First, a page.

Sunday, May 2, 2010

Game 24 Recap

In stark contrast to yesterday's miserable defeat, today's game was overflowing with awesome. Despite trotting out a lineup that contained Ramiro Pena and Marcus Thames and not Curtis Granderson, the Yanks plated twelve runs, six of them coming via the long ball. Robinson Cano, Nick Swisher and Brett Gardner all went yard and Gardner hit one into the freaking bleachers off of the left handed Mark Buehrle.

Phil Hughes had his best start of the year ERA-wise, throwing 7 shutout frames and allowing just 4 hits and one walk. A full 70% of his pitches were strikes and he retired 6 batters via the K. You know things are going your way when Marcus Thames makes a slick defensive play for you.

The White Sox didn't score until the ninth inning and according the WPA, Paul Konerko's three run shot off Mark Melancon changed their win expectancy from 0% to... zero percent. In fact, the Yanks were at 99% or above after Nick Swisher socked his two run shot in the sixth. A thriller it was not, but after the ugliness that we witnessed yesterday, this thorough trouncing was a cathartic experience.

The Yanks are back at it tomorrow night as the Orioles, fresh off a sweep of the Red Sox, come into town and Joe Girardi's BFF Jeremy Guthrie takes the hill.

Game 24: Cold Roses

Coming off the young season's most frustrating loss, if not the ugliest, the Yankees step into their sixth rubber game in eight series, looking to avoid just their second series loss of 2010.

Phil Hughes makes his fourth start of the season. Thus far, Hughes has been the back of rotation work horse that the club had hoped yesterday's starter would be. He's given up two runs or fewer in each of his three starts, his outing in Oakland two turns ago is the best performance by a Yankee starter this year, and he'd be a perfect 3-0 had he not been betrayed by the bullpen in Baltimore Tuesday night.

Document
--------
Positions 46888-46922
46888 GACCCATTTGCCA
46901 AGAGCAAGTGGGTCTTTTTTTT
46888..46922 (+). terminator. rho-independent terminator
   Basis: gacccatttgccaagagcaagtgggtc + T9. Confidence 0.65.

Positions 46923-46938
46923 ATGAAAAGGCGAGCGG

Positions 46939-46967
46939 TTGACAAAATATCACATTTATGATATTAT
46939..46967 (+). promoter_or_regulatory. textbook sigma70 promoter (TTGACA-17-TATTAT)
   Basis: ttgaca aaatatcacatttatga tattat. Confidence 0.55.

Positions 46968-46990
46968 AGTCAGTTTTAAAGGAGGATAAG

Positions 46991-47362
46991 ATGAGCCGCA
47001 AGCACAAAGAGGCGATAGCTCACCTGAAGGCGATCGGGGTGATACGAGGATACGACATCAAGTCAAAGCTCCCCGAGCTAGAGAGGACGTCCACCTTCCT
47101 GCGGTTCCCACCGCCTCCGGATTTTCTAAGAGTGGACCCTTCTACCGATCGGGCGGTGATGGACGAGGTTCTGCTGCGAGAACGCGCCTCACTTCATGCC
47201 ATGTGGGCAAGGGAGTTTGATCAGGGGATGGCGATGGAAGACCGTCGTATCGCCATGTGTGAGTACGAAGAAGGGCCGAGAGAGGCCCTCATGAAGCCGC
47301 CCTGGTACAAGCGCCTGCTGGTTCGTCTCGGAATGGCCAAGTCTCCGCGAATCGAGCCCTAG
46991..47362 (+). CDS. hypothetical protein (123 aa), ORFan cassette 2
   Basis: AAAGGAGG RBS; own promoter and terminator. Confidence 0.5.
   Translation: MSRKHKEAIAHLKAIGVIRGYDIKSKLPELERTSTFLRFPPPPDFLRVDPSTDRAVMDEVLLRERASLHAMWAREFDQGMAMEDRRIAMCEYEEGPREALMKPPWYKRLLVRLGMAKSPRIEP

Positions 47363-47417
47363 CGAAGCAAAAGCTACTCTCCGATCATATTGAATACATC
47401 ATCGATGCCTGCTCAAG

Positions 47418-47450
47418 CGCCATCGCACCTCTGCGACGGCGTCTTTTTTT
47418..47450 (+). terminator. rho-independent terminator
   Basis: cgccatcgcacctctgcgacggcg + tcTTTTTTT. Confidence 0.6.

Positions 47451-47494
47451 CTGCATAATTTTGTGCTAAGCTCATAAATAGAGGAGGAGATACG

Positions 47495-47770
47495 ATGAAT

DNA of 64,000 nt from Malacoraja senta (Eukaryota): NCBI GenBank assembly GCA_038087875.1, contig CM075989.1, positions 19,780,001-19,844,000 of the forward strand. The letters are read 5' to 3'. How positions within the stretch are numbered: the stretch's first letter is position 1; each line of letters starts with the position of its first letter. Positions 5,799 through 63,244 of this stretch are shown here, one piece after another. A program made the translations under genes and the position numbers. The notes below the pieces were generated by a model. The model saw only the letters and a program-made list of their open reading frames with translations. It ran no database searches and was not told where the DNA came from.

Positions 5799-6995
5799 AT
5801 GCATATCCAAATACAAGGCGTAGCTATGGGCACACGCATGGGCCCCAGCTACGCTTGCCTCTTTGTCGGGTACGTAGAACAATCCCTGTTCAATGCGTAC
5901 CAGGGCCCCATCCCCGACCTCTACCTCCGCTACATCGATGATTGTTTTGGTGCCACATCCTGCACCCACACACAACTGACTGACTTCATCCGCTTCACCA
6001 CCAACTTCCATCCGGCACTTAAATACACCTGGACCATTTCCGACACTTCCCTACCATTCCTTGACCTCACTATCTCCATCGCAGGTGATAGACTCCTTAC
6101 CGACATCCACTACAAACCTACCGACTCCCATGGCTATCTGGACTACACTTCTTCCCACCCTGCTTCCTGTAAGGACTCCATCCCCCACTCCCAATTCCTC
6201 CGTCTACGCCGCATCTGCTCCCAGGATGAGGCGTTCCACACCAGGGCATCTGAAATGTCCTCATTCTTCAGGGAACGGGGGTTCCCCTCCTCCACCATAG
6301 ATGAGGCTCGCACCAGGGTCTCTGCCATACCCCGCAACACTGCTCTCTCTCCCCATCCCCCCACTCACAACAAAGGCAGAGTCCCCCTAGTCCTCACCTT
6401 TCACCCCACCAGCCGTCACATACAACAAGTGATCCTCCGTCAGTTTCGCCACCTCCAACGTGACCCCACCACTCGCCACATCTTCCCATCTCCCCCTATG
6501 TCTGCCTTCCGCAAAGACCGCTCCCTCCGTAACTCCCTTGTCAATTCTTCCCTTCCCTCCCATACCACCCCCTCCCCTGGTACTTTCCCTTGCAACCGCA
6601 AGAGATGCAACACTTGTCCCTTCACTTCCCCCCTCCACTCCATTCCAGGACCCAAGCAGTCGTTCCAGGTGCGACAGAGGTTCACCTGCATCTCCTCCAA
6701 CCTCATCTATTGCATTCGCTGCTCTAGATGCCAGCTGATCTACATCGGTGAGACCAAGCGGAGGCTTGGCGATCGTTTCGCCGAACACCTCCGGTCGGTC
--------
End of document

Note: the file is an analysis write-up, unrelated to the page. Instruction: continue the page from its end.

Hughes has been successful in six career appearances, two of them starts, against the ChiSox. He's allowed just two runs and ten baserunners in eleven innings of work, while striking out a batter per frame. The four relief appearances came last year, with Hughes taking the tough-luck loss in one of them, despite allowing just a single run and three baserunners in five innings of work. The two starts came in 2008, and despite Hughes' poor performance overall in that campaign, he was successful against Chicago, allowing one run and seven baserunners over six innings. His first start was limited to two innings thanks to a rain delay, his second to four innings due to it being his first following his months-long stay on the disabled list.

Current Chicago batters have good numbers against Hughes, over just 41 plate appearances, with the bulk of the success accumulated by Alex Rios and Mark Teahan during their time with Toronto and Kansas City respectively. Hughes' 2.00 ERA is outperforming both his FIP and xFIP, largely due to his success at stranding the relatively high number of free passes he's issued. If he's going to sustain his early season success, he'll have to reduce that walk rate. Chicago is currently sixth in the AL in BB%, at 9.9%.